Girls’ Football Week profile – Rachel Pavlou
To celebrate The FA’s Girls’ Football Week, AoC Sport is running a series of profiles on a range of females from across the game.
Having spoken with Doncaster Belles midfielder Emily Simpkins and former Birmingham Metropolitan College student Kirsty Dixon this week, we today catch up with The FA’s National Women’s Football Participation Manager, Rachel Pavlou.
What made you decide to volunteer in football?
I was working as a Sports Development Officer at Solihull FE College and went on a FA Female Only Prelim Coaching Course with Birmingham Football Development Scheme. Over the duration of the course I was asked by the CEO, Tom Stack and his FA colleague Donna McIvor, if I would like to volunteer to develop Women’s Football for both The FA andBirminghamCountyFA. My college principal Colin Flint thought this was a great fit for his vision to develop more sporting opportunities both within his college and in the local community, so actively supported this.
How has volunteering in football helped develop your personal/workplace skills?
The volunteer role evolved into a lot more and I ended up developing a massive girls’ football development programme both to college students and in the local schools and clubs. When The FA advertised for a full time Regional Director for Women’s Football, I had the experience, knowledge and passion to apply for the position. 18 years later I am still developing the female game at The FA, with a lot of thanks toSolihullCollege, Tom Stack, Donna McIvor and Birmingham FA!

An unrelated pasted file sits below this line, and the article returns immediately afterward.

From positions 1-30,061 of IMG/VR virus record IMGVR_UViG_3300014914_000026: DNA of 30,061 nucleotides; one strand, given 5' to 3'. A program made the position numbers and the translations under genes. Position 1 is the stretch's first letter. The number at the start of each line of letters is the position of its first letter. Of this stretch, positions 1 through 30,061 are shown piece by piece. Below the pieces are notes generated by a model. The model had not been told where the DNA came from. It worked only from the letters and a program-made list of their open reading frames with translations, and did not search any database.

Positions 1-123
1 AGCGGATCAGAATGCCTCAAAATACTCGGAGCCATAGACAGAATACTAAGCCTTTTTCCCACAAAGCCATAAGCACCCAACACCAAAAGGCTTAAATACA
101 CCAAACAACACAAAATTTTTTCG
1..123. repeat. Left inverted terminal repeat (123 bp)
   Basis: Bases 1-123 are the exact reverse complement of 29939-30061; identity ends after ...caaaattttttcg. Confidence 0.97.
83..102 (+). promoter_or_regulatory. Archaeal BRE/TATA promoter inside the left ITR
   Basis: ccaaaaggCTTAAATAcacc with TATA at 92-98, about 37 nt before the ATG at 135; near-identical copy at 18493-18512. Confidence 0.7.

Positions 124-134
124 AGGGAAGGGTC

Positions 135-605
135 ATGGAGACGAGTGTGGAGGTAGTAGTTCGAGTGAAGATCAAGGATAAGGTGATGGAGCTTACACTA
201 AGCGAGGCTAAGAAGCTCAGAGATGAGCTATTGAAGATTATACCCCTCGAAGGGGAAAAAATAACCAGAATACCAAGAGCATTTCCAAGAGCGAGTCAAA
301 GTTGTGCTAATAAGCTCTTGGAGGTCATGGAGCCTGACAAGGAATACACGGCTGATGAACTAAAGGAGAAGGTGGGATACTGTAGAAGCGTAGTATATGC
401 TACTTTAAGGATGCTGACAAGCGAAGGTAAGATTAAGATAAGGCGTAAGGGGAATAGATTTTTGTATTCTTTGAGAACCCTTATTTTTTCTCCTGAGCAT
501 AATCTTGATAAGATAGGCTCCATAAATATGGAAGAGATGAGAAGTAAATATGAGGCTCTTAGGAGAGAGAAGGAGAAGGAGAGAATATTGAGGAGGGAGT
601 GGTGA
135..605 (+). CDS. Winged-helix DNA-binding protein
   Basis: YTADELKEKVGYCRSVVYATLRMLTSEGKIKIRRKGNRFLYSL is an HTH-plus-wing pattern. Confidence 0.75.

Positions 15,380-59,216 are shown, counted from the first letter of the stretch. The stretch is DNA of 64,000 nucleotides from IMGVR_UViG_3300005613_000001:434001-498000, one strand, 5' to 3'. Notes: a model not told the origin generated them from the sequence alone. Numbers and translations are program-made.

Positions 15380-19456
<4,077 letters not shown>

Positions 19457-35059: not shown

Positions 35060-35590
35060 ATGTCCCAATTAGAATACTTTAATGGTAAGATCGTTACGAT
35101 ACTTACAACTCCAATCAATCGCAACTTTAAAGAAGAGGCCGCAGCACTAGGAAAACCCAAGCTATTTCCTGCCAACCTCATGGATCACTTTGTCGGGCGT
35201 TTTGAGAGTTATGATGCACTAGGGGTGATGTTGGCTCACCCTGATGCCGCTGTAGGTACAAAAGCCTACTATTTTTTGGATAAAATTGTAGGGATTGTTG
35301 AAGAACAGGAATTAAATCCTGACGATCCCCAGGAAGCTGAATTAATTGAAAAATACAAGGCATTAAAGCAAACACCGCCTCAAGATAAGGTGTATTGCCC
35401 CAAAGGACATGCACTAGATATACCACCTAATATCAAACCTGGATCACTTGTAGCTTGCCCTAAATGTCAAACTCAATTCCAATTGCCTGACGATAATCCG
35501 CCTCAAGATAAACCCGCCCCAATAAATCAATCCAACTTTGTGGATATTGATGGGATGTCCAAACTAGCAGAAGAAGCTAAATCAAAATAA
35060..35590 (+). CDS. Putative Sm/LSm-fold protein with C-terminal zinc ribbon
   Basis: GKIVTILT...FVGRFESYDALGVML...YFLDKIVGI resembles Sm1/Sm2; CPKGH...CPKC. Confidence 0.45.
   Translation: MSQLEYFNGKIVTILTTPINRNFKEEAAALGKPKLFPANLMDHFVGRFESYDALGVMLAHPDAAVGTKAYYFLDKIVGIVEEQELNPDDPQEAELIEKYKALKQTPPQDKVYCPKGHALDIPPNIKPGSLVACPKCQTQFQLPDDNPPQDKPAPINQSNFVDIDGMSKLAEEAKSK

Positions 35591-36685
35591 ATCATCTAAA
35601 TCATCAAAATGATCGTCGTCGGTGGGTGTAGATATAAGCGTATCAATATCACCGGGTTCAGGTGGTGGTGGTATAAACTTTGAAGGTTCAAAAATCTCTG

What benefits are there for colleges to offer a good level of female football opportunities?
Colleges are one of our major partners in our strategy. There is so much potential to develop the game both within the college sector and outside into the local community. I have first-hand knowledge of seeing young girls in local schools starting their football journey in our college Mini Soccer Centre that was run by staff and students, joining a local club where we started a link with and then going onto study atSolihullCollegewhen they were older. I believe we raised the profile and reputation of our college through our girls’ football development programmes which has left a great legacy in the area. And so many of those students who we supported with coach/referee qualifications and most of all confidence and character building, have gone onto work in the PE/Sports sector themselves. This example alone hits student development, college reputation, community involvement, club partnerships, leadership and workforce development.
To what extent do you feel it’s important for colleges to have a pathway link with a local club?
Many colleges may wish to go down the elite pathway with a WSL/WPL club or even a Women’sFootballAcademy– just look atSouth GloucestershireandStroudCollegeand their partnership with WSL teamBristolCity! Having a strong link with a local female club helps ensure your students have a progressive pathway to play the game and hopefully will keep them enjoying the game for years after they leave their college.